So far, the process of applying for an ITIN has been frustratingly slow, and I am still waiting to hear whether or not it has been successful. After standing in a lengthy queue at the American Embassy in London and submitting to airport-style security, I eventually arrived at the head of the Inland Revenue Service line, clutching my paperwork and passport. But although my paperwork was technically correct, the official on the other side of the counter quibbled with the wording of the letter from my publisher.’Subject to the terms of the Agreement,’ the document read, ‘you may eceive one or more payments. ”Too tentative’ the man snorted. ‘Darned legal language. ‘He sent me home empty handed to beg my publisher for an amended letter (it was supposed to state: ’ you WILL receive one or more payments’). So all that queuing was for nothing, and I had to submit a second application. It takes three months to process, and my publisher cannot release my contract(or cheque) until the ITIN arrives. My tips for applying for an ITIN are to arrive at the American Embassy as early in the day as possible, because the queues are horrendous later on. Also, check the wording of your publisher’s letter beforehand - and all your other paperwork. The IRS make no allowance for ambiguity, let alone error. There was a positive side: the visit turned out to be a great networking opportunity. In the queue, I bumped into an acquaintance who is a literary agent, and was able to update her on my book deal. Quite by chance, I also made friends with a well-known novelist, who has been wonderfully generous with advice and support ever since. So, if it’s networking you’re after, I highly recommend the experience. Louisa Treger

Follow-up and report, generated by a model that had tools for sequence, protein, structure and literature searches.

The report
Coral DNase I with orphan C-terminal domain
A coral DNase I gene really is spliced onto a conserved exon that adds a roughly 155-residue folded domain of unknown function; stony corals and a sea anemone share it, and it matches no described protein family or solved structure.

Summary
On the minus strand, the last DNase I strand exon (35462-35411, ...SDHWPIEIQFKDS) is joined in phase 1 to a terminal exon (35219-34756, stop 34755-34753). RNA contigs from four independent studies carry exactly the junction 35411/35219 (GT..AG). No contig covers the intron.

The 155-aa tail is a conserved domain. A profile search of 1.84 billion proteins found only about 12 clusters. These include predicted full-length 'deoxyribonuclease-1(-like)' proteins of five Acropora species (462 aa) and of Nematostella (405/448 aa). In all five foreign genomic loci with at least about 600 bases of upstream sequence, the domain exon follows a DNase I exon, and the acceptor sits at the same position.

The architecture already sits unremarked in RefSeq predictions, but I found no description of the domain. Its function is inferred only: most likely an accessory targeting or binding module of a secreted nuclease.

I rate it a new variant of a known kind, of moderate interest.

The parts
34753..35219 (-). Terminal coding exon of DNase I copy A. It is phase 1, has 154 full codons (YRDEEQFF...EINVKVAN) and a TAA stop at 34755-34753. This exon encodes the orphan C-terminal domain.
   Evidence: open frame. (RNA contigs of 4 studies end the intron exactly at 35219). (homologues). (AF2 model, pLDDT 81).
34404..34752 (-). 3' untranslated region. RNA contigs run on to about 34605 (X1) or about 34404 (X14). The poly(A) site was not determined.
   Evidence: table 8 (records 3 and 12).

I needed an ITIN after Andrew organised a US deal for my history of the SS. I had a look at the IRS website but it wasn’t a lot of help, other than providing a PDF download of the form I eventually worked out I needed. After some web-based research I discovered that the IRS actually have an office at the US Embassy in London with a ‘while you wait’ service and I decided to go there, having checked on their opening hours (not every day, as I remember it). This turned out to be a good solution. The IRS website had explained that to get an ITIN you need to show why you need one (a US publishing contract will do) but also provide proof of non-US citizenship and residence and I was reluctant to post my original passport and other documents to an address in the US. I took along all the relevant documentation to the US Embassy where a helpful official made certified copies which were sent - together with my application - through US government channels to the appropriate IRS office in the States. I’d been told to expect to wait for up to 8 weeks but my ITIN came back about a month later. All in all, a reasonable experience. Adrian Weale